Since I didn’t follow the npm changes carefully, I assumed that slow down came from NPM having to download everything from the Internet every time I ran the npm install command.

Turns out, I was wrong, and npm does have a local cache, where it keeps a tarball of each version of the library that it has downloaded. The content of local cache can be seen via the npm cache ls command. Having a local cache helps to improve the install times.

All in all, npm is a mature, stable and fun to use package manager.

Yarn

Yarn was announced in October 2016 and quickly rose to 24K+ starts on Github. For comparison, npm only has 12K+ starts. It is a project with some high profile developers such as Sebastian McKenzie (Babel.js) and Yehuda Katz (Ember.js, Rust, Bundler etc).

From what I could gather, Yarn’s main initial goal was to address npm installations not being deterministic due to semver related behavior described in the previous section. While predictable dependency tree (if desired) can be achieved with npm shrinkwrap, it is not the default behavior and relies on all developers to know that such option exists and that it should be used.

Yarn took a different approach. Every yarn install generates a yarn.lock which is similar to npm-shrinkwrap.json, but it is created by default. In addition to regular information, yarn.lock file contains a checksums for the content to be installed, insuring that the same version of the library is used.

Since yarn was a fresh re-write of npm client, the developers were able to properly parallelizes all needed operations and add some other improvements, which provided a significant speed up to the overall install time. My guess is that this speed up is the main reason for yarn‘s popularity.

Like npm, yarn uses a local cache. Unlike npm, yarn does not need to have an internet connection to install dependencies that are already cached locally, providing the offline mode. A feature that was unsuccessfully requested from npm since 2012.

Yarn provides some other perks. For example, it allows to aggregate licenses for all packages used in a project and it’s nice to look at.

An interesting side note, is how attitudes from yarn documentation has changed towards npm since yarn project become popular.

The initial yarn announcement said that the following about installing yarn:

The easiest way to get started is to run:
npm install -g yarn
yarn

Here is what Yarn installation page has to say about installing yarn now:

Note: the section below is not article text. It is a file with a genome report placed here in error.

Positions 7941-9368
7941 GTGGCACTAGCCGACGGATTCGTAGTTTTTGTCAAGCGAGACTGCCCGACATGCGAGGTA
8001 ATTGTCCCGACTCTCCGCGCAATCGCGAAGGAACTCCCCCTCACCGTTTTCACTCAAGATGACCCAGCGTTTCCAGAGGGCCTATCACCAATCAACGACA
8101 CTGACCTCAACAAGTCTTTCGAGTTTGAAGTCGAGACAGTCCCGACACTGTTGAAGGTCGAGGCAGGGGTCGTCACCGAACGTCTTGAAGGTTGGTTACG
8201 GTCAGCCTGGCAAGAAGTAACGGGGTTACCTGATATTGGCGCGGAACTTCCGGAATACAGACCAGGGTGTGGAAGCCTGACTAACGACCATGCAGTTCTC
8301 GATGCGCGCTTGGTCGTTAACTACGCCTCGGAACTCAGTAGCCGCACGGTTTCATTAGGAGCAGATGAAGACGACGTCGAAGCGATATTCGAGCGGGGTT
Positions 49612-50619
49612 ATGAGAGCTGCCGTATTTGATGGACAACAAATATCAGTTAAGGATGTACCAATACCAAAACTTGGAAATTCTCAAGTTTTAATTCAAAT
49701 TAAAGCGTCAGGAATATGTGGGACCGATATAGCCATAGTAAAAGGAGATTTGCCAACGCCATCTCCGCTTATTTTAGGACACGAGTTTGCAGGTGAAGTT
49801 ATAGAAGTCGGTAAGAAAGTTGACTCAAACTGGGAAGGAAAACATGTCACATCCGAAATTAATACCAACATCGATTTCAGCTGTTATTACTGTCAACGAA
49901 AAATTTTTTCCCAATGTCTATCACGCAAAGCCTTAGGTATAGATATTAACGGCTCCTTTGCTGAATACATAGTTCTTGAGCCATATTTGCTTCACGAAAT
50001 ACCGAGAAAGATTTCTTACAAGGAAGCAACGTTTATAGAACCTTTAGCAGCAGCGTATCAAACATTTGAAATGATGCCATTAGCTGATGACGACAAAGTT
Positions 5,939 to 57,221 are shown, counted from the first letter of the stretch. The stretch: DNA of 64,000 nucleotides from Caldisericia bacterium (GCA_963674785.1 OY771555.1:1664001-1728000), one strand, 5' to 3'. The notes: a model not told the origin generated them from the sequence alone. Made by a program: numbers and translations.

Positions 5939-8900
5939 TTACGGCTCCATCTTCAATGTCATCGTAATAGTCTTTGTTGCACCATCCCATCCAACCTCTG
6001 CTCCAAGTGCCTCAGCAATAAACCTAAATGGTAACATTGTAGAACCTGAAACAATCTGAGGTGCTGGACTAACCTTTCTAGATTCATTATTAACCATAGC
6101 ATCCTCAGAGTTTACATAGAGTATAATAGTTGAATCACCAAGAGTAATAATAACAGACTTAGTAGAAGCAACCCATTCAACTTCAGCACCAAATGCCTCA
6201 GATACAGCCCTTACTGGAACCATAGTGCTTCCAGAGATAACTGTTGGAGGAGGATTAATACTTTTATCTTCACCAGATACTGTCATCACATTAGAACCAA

Note: Installation via npm is generally not recommended. npm is non-deterministic, packages are not signed, and npm does not perform any integrity checks other than a basic SHA1 hash, which is a security risk when installing system-wide apps.
For these reasons, it is highly recommended that you install Yarn through the installation method best suited to your operating system.

At this pace, I would not be surprised if yarn were to announce their own registry, allowing developers to slowly phase out npm completely.

Looks like thanks to yarn, npm finally realized that they need to look closer into some highly requested issues. NPM’s initial reaction to the release of Yarn read to me along the lines of “it’s cute”. Now, when I was reviewing the highly request “offline” feature that I mentioned earlier, I noticed that a fix for it (and other related issues) is being actively worked on as we speak.

pnpm

As I mentioned, I only became aware of pnpm a short while ago via “Why should we use pnpm?” post by Zoltan Kochan, author of pnpm.

I am not going to go into too much details (since this post is getting long), but you can checkout my initial post for a lot more context and discussion on Twitter.

BUT

I want to point out that pnpm is so fast that it outperforms both npm and yarn.

The reason why it’s so fast? Because it uses a clever approach that leverages hardlinks and symlinks to avoid having to copy all of the locally cached source files, which is one of the biggest performance hits for yarn.

Using links is not easy, and comes with a list of issues to consider.

As Sebastian pointed out on Twitter, he has initially considered using symlinks in yarn, but decided against it for a number of reasons.

At the same time, as indicated by 2K plus starts on Github, pnpm is able to make linking work for a lot of people.

In addition, as of March 2017 it provides all benefits that yarn provides, including offline mode and deterministic installs.

Conclusion

I think yarn and pnpm developers have done an amazing jobs. My personal preference is for deterministic installs, since I like the control and I don’t like the surprises.

Whatever the outcome of this race is (which kind of reminds me of io.js fork), I am thankful to yarn for putting some fire under npm's feet and providing a reasonable alternative until the dust settles.

I also think that it’s possible that yarn could have thrown out the idea of hard and soft linking a bit too early. I wonder what yarn team could do with this idea, considering how much damage a lone developer was able to do with pnpm and how highly users seem to value the speed of installs.

I do think that yarn is a safer choice over all, but pnpm might be better choice for some use cases. For example, it could play well with a small to medium size team that runs a lot of integration tests and wants their dependencies installed as fast as possible.

Last but not least, I think that npm still provides a very useful solution that supports a wide range of use case. Most developers can do just fine by sticking with pure npm client.

In any case, I am thankful for all of the contenders who are working hard to keep the ecosystem healthy. When companies compete, users win.

Originally published at www.alexkras.com on May 1, 2017.